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Appearances – the First Layer of Defense

Appearances - The First Layer of Defense | A Chronic Voice

I Care a Lot about the Way I Look

Whilst I don’t spend hours applying makeup in front of the mirror, I do ensure that I look somewhat presentable before stepping out of the house. This can be a struggle on bad days, but still I try. Why?

I have spent a lot of time in hospitals, sharing my personal space with the old, sickly, dying and dead. Once, I saw an old woman scratching her armpits while being nasty to everyone around her. It struck me that I was becoming her mirror image; I didn’t recognise myself anymore, even detested it.

How had I arrived at that state? I had been suffering for an extended period of time by then, and had become sick of being sick. The unpredictability was frustrating and worst of all, there was no hope of better days on the horizon.

A Gradual Decline

That bitter core that we had tapped into didn’t happen overnight. It is always a gradual process, the kind that happens in dribs and drabs, so that you never feel the harshness of a direct blow. It begins with the thought, ‘just for today’, which ends up becoming a regular affair. The first layer is the physical one – our appearances and how we present ourselves to the world.

When that layer peels away for whatever reason – pain, exhaustion, grief – beneath it lies the more vital layers of emotional and psychological well being. When we allow these layers to be defiled by whatever it was that tore the top off, we begin that slow journey of degenerating into an inhuman version of ourselves.

When we arrive at that state, we no longer care if we are nasty towards others, appear ungrateful or crude. Often that behaviour is a reflection of how we’re feeling on the inside. So if you meet someone unpleasant, it might be that they are going through a difficult time.

It is a Mental Exercise

Our physical appearances are visible, unlike the unseen problems festering beneath the skin. It is one thing we can improve, a mental exercise that can be tougher than it looks at times.

This layer may be a superficial one, and of course I let it slip now and then when the pain is too much to bear. But I have also learned that the longer I can fight to keep this layer on, the slower I unravel into that bitter core.

So that is why I try.

To get started, check out Lainie of “Trendable”, who is both a fashion and disability blogger. I enjoy her sense of humour, wit, and smart fashion hacks that are suitable for a range of disabilities!

*Note: This article is based on personal experiences and meant for educational purposes. It is not to be substituted for medical advice. Please consult your own doctor before changing or adding new treatment protocols.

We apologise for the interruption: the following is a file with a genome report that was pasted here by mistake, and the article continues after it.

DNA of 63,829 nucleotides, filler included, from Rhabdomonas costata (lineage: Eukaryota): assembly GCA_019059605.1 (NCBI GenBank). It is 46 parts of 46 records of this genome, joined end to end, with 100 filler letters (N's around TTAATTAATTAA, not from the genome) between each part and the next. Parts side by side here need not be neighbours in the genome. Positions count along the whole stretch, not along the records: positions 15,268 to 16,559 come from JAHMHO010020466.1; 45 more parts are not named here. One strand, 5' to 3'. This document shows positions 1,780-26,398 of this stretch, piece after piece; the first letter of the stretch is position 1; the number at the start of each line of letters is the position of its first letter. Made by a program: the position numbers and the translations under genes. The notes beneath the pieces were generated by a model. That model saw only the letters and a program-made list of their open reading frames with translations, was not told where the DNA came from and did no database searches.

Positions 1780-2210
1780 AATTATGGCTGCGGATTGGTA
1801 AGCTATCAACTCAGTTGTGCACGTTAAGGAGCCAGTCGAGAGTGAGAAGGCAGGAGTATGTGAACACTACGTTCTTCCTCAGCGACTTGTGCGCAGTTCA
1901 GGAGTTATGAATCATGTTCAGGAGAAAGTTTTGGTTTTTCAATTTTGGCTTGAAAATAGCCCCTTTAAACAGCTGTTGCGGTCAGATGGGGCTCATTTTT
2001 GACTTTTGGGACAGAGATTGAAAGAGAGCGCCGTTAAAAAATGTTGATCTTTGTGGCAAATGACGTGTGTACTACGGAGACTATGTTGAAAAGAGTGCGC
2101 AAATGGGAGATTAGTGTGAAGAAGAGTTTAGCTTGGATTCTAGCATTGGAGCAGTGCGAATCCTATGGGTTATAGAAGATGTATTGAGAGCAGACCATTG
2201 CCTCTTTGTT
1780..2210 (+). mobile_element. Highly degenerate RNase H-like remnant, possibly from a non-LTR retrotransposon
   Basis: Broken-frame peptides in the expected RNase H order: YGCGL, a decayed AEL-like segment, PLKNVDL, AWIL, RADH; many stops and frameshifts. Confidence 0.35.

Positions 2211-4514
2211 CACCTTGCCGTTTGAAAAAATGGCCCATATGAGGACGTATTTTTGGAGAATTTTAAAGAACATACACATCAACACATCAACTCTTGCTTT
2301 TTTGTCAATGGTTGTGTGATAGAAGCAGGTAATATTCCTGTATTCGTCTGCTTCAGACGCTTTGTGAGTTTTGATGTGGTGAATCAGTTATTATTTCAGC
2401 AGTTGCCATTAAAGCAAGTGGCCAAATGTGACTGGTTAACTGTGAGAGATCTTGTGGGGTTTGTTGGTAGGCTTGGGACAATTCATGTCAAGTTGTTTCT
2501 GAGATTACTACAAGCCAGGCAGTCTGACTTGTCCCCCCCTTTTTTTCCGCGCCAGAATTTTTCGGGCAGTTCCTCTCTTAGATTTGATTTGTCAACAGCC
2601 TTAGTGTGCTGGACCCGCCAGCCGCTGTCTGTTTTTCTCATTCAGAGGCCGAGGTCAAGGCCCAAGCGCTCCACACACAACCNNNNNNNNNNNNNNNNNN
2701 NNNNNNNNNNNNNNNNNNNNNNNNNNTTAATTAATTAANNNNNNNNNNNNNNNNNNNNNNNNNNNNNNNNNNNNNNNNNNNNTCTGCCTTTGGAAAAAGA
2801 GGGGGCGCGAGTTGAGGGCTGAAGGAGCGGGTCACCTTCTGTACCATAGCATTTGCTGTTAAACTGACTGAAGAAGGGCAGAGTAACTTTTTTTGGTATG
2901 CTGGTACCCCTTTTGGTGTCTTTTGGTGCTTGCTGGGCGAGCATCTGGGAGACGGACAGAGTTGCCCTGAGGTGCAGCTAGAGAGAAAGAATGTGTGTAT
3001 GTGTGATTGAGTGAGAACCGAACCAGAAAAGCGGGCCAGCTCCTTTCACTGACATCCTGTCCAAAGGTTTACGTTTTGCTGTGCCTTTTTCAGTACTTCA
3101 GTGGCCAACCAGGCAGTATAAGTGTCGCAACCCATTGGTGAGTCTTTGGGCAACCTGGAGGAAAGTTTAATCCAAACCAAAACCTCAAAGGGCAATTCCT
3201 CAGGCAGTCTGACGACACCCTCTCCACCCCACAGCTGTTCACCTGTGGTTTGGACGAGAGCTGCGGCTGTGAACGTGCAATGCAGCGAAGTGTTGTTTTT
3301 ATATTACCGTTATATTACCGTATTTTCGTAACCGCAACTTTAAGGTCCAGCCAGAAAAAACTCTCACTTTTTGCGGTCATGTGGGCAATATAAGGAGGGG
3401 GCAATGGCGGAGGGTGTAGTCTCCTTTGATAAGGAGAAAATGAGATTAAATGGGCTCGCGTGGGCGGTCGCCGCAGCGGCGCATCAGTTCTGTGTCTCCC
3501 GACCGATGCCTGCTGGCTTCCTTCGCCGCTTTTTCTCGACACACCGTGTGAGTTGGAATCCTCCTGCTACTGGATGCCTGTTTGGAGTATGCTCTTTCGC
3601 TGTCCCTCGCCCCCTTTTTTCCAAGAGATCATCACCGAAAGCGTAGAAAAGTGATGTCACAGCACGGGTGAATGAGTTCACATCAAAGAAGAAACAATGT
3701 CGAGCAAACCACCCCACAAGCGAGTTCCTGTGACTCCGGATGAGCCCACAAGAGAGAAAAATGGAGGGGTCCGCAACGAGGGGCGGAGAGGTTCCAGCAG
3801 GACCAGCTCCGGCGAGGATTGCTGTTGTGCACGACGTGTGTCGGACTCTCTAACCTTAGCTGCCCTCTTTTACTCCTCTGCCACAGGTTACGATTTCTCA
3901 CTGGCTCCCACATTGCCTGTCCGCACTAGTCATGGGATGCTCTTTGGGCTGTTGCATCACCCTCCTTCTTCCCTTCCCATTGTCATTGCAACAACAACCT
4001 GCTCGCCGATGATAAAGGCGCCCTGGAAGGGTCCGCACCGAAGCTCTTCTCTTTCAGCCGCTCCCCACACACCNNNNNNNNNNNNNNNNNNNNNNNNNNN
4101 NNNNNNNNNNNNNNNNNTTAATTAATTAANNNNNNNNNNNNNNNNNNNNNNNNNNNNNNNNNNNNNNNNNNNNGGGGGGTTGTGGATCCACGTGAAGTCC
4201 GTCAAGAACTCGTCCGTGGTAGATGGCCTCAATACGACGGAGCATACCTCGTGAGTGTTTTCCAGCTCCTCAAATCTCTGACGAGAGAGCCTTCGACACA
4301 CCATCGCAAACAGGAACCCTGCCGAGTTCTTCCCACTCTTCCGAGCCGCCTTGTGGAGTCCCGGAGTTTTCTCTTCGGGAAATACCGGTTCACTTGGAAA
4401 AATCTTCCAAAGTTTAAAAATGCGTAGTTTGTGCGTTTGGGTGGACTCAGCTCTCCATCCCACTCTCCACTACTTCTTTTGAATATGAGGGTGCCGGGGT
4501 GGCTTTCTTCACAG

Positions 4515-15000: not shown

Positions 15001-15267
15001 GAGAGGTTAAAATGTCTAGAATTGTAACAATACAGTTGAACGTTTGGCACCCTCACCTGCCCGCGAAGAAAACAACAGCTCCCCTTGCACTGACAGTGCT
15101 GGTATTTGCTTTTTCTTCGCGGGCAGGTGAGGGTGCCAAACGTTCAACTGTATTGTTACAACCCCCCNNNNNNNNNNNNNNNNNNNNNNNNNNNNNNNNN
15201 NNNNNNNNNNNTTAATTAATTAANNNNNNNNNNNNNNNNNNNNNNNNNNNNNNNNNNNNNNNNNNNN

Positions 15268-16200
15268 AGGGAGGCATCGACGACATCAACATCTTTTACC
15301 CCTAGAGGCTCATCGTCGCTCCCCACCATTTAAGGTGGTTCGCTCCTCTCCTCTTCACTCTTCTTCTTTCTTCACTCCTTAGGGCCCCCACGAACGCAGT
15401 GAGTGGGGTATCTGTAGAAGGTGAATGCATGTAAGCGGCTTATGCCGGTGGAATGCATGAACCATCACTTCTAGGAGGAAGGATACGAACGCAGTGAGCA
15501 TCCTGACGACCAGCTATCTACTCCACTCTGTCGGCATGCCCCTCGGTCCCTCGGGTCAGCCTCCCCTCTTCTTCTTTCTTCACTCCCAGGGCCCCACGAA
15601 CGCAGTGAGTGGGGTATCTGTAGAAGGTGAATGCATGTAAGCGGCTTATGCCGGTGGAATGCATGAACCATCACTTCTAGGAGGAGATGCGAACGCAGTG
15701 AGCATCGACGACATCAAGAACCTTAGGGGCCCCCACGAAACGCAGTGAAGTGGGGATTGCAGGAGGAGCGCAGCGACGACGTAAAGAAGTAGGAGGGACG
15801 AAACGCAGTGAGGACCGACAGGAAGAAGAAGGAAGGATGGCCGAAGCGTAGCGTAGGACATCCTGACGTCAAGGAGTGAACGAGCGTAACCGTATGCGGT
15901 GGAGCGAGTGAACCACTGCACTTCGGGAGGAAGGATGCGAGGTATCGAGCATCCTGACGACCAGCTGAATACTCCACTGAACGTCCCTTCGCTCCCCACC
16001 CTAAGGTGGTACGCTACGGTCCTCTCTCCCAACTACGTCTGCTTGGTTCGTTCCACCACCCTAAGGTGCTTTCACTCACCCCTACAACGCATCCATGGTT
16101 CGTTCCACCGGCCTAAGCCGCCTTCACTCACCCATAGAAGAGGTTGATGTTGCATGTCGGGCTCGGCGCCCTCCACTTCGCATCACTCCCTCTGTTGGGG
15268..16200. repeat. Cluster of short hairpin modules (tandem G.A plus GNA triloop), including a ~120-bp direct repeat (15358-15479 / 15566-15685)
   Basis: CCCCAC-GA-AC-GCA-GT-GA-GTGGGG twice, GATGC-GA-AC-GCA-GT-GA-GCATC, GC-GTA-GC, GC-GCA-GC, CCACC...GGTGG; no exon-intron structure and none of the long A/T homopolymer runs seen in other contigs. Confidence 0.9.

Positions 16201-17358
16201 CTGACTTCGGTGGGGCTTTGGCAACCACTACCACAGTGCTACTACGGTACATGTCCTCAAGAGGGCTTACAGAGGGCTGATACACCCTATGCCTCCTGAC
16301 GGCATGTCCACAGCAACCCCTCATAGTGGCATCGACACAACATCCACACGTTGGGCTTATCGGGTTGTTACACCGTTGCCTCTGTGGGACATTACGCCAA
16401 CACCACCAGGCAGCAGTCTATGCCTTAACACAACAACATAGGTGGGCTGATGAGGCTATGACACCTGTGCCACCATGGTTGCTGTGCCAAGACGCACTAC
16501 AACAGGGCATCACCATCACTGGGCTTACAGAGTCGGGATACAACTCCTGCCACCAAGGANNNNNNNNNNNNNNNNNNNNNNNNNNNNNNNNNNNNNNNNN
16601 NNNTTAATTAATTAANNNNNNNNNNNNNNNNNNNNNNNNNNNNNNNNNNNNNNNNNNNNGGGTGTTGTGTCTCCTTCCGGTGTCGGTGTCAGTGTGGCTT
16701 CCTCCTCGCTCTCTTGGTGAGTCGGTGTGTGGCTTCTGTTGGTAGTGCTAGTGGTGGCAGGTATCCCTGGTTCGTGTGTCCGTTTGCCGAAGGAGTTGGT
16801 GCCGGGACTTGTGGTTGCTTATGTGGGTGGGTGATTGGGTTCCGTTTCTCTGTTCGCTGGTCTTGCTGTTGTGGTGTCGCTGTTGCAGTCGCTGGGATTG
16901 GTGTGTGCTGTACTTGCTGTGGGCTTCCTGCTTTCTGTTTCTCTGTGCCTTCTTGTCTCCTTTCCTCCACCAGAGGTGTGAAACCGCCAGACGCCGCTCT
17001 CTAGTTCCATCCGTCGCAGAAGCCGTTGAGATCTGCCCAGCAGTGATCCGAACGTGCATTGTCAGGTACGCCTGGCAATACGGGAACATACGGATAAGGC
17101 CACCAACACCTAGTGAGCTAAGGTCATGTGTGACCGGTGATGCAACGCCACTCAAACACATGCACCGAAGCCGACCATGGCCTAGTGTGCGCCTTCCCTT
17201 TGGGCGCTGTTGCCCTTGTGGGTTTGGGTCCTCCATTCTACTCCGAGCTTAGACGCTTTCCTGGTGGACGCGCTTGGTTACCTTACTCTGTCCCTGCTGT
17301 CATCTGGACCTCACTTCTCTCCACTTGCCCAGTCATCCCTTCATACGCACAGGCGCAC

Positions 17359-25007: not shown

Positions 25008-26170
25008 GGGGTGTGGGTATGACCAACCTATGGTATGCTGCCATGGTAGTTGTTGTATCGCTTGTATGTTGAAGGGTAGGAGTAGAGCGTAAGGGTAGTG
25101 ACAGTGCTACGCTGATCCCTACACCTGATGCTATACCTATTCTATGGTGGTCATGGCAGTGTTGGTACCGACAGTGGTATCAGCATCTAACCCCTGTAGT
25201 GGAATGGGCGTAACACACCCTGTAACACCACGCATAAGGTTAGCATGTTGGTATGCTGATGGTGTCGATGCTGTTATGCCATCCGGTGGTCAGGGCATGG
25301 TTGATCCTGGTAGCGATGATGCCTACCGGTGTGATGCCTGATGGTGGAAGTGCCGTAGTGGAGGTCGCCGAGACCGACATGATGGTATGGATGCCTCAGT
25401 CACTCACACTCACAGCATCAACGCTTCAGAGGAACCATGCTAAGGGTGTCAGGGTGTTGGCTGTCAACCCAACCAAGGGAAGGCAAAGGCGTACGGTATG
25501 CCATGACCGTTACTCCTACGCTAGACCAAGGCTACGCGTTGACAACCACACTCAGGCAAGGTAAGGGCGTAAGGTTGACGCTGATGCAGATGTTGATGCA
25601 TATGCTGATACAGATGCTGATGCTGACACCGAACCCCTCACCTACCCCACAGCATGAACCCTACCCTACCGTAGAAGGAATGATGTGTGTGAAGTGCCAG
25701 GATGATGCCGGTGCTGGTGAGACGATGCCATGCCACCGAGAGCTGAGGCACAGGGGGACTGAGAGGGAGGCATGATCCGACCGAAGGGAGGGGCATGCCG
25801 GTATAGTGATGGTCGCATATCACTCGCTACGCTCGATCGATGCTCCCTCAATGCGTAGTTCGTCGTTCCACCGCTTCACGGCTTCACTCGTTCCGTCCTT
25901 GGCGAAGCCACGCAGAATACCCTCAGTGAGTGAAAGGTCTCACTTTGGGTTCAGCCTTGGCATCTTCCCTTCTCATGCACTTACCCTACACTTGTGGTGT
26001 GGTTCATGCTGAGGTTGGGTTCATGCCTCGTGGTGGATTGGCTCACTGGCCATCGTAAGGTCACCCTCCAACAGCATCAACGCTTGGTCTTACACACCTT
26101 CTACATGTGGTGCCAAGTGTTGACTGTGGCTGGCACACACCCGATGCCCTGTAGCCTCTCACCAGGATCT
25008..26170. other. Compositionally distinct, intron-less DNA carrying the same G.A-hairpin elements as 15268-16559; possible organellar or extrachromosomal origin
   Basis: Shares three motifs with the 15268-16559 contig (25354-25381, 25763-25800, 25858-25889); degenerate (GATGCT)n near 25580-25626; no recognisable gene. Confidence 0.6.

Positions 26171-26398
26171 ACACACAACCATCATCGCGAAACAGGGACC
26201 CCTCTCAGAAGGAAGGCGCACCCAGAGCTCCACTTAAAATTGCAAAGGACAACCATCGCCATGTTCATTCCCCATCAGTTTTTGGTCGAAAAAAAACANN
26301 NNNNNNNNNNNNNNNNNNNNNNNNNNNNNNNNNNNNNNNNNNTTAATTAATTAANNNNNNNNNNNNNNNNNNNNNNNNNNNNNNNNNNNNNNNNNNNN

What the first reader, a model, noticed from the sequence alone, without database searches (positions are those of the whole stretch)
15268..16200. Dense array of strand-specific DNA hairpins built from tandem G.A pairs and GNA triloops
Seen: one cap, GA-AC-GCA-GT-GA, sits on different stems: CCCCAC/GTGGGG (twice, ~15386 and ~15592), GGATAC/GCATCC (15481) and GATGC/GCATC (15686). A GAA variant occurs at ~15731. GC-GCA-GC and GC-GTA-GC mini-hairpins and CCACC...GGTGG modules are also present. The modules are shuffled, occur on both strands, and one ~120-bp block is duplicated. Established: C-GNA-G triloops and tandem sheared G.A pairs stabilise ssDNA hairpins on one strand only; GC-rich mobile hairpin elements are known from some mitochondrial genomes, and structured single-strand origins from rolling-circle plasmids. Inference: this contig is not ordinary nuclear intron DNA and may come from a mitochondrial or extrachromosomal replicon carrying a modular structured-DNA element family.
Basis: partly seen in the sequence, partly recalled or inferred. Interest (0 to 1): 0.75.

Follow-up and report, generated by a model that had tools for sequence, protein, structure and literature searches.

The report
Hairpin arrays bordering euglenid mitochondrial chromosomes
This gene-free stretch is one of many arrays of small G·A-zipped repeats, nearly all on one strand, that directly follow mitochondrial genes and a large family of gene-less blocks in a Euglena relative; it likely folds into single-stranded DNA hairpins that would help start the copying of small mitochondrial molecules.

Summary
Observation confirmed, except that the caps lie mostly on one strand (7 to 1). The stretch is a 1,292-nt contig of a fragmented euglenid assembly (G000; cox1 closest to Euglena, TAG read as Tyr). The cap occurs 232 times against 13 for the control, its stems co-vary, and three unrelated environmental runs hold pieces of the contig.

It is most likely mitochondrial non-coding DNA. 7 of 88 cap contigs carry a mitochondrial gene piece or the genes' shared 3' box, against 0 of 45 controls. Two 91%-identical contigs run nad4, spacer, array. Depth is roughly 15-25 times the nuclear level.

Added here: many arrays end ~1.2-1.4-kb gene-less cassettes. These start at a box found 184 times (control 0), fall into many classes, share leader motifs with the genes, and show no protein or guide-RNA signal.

Read More: Is Seeking Help for Your Mental Health Worth the Fuss?

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    For More Insight:

  1. The Importance of Looking Good to Feel Good (
  2. Why I Always Put on Makeup, Even When I’m Struggling With Fatigue (
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Why looking presentable by all appearances is important to me, even though I struggle with chronic pain. Here's what's at stake if I don't. | A Chronic Voice

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February 16, 2021 02:44

I feel the same, and try to ‘keep up appearances’ when I am out and about. Not because I am trying to hide, but because it simply makes me feel more confident and if I feel that way then I tend to be nicer to myself and to others!

Emma England
December 1, 2017 22:17

You’re so right when you say, “..if you meet someone unpleasant, it might be that they are going through a difficult time.” It’s really important to remember that isn’t it, and to try our best not to judge others. As we can never really know what someone else is going through. That’s one thing living with a chronic illness has definitely taught me! I also try and make some kind of effort with my appearance as it does make you feel better – and that you’ve not just given in to how illness can make you feel. I think “the first layer of defence” is a very apt description!

March 15, 2017 04:40

Thanks for the shout out!
Very poetic writing as always, I love it. It is so true and it took me personally a long time to realize I was becoming someone I was no longer comfortable being.
‘So if you meet someone unpleasant, it might just be that they are going through a difficult time’ – I catch myself judging people now and again and I always try to remind myself of this. Thanks for putting it out there. I used to get told things like ‘cheer up’ by total strangers and it used to make me angry as they had no clue how horrible I was feeling!